Carla Juaçaba. Born in 1976, since 2000, she developed her independent practice of architecture and research based in Rio de Janeiro, Brazil. Her office is currently engaged in both public and private projects, focusing on housing and cultural programs.
Since undergraduate student she worked with the architect Gisela Magalhães of the Niemeyer’s generation, mostly in the area of exhibitions related to the Brazilian native arts and historical museums.
During her first year after college (2000) she worked jointly with another architect Mario Fraga on the project named “Atelier House”. Following that, a series of projects have been conceived such as the “Rio Bonito house” (2005), the “Varanda House”(2007), the “Minimum House”(2008),“Santa Teresa House” in its final stage (2012), and a couple of exhibition design. Current works includes the ephemeral pavilion conceived with the senior scenographer and theather director Bia Lessa, “Humanidade2012” for Rio+20, the recent international meeting held in Rio de Janeiro. And also two houses on the outskirts of Rio.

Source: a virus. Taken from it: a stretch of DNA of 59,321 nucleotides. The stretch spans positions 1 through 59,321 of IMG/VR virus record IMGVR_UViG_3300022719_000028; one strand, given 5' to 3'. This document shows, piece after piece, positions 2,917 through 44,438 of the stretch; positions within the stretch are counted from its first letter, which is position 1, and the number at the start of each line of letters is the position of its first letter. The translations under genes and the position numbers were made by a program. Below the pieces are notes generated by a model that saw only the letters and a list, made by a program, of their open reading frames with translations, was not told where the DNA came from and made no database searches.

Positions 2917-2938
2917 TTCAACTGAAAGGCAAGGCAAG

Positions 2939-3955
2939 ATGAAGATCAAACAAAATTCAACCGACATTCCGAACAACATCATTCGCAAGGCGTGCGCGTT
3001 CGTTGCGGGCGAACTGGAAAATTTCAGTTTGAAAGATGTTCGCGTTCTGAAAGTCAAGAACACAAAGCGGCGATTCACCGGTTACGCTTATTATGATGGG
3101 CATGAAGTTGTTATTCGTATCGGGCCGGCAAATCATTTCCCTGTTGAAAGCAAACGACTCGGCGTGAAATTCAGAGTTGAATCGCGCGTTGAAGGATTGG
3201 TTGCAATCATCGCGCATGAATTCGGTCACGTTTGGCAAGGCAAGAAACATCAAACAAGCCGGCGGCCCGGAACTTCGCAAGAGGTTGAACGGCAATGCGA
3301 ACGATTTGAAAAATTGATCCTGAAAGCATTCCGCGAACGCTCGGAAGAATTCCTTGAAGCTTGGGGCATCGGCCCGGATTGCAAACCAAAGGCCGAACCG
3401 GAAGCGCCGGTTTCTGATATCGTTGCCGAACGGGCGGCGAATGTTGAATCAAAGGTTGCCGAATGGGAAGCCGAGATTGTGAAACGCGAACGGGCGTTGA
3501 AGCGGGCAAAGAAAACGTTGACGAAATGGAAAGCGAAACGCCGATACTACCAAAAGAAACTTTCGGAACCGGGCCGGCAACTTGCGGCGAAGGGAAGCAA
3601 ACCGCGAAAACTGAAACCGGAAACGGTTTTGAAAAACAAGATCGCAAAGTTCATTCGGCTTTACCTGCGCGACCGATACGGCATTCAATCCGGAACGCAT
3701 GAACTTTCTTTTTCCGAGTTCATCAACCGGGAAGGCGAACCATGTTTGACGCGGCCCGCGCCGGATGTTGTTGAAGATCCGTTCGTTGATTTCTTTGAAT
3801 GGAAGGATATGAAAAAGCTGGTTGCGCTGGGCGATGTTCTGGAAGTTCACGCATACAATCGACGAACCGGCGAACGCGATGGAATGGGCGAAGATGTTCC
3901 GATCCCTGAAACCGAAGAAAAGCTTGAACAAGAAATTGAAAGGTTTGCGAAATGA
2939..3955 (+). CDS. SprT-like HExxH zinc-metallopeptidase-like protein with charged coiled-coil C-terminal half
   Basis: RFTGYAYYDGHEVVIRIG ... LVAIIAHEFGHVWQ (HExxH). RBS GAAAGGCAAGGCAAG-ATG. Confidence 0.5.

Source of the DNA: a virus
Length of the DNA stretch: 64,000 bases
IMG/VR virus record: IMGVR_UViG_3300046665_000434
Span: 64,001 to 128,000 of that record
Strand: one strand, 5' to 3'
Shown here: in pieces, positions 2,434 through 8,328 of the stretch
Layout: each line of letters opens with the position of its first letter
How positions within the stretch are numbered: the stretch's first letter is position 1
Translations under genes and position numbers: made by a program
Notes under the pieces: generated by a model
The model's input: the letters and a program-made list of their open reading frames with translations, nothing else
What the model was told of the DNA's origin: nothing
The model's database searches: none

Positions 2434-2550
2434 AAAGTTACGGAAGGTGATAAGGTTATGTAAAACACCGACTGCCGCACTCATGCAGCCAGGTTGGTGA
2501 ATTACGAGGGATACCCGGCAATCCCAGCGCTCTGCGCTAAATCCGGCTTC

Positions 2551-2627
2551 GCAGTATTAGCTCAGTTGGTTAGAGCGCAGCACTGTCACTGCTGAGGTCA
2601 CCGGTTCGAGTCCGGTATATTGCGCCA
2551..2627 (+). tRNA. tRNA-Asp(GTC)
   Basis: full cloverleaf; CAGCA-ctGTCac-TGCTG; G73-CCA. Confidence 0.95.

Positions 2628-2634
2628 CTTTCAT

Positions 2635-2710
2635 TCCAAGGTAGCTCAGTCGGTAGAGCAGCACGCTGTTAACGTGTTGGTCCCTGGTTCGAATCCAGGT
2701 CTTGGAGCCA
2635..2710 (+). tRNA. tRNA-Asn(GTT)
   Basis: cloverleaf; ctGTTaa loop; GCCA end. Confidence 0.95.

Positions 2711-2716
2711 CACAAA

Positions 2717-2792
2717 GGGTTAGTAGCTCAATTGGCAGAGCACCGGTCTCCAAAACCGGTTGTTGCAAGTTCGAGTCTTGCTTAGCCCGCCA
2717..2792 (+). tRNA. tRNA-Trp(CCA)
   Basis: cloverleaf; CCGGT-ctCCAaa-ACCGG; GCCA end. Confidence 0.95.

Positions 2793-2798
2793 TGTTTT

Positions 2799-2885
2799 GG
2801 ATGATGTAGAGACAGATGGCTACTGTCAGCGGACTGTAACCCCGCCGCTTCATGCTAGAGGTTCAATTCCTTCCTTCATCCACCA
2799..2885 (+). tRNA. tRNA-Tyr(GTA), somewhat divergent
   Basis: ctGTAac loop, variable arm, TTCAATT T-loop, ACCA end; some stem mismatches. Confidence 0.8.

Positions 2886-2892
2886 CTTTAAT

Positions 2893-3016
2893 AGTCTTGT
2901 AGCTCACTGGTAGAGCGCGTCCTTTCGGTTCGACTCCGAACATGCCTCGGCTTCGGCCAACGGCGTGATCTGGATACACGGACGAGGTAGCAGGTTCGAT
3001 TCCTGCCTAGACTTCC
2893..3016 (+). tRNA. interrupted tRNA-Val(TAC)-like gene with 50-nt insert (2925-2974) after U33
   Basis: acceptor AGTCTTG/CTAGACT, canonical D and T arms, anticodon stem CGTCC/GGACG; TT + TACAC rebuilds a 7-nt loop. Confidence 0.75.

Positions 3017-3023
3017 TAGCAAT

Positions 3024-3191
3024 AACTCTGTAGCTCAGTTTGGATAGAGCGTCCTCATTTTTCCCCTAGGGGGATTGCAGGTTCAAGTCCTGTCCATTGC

Carla Juaçaba is constantly a part of the academic and teaching realms, as well as research studies, lectures, biennales, exhibitions and recently was the Jury at BIAU Bienal Ibero Americana in Madrid (2012). She is currently teaching at FAU-PUC RJ Pontifícia Universidade Católica.
Her work is focused on an intrinsic issue of the discipline: the poetics of tectonics, and its expressive potentiality.
Patama Roonrakwit studied architecture at Silpakorn University of Bangkok, and realized her master's degree in development practice under the guidance of CENDEP, at Oxford Brookes University, England. Roonrakwit has participated in more than forty housing development projects for underprivileged community and damaged villages in Thailand and constructed a shelter to help people after the tsunami in Phang-nag, a province in Southern Thailand. She was the only Thai woman architect to be selected for the final round of the arcVision Prize.
She founded CASE studio in 1997 which is a group of architects that work with an humanitarian and anthropological approach in creating appropriate housing for people.
Kate Otten was born in Durban and is part of a generation of significant architects working in the South African space. Graduating from the University of the Witswatersrand in Johannesburg, Kate set up her own practice in 1989. Kate Otten Architects has subsequently developed into a singular practice with a varied body of work, including important public buildings and places of memory. Kate is an active member of several professional bodies, maintains involvement with architectural education, and is deeply passionate about promoting the contribution of women to the profession. Her work has been widely published and has won numerous awards locally and internationally.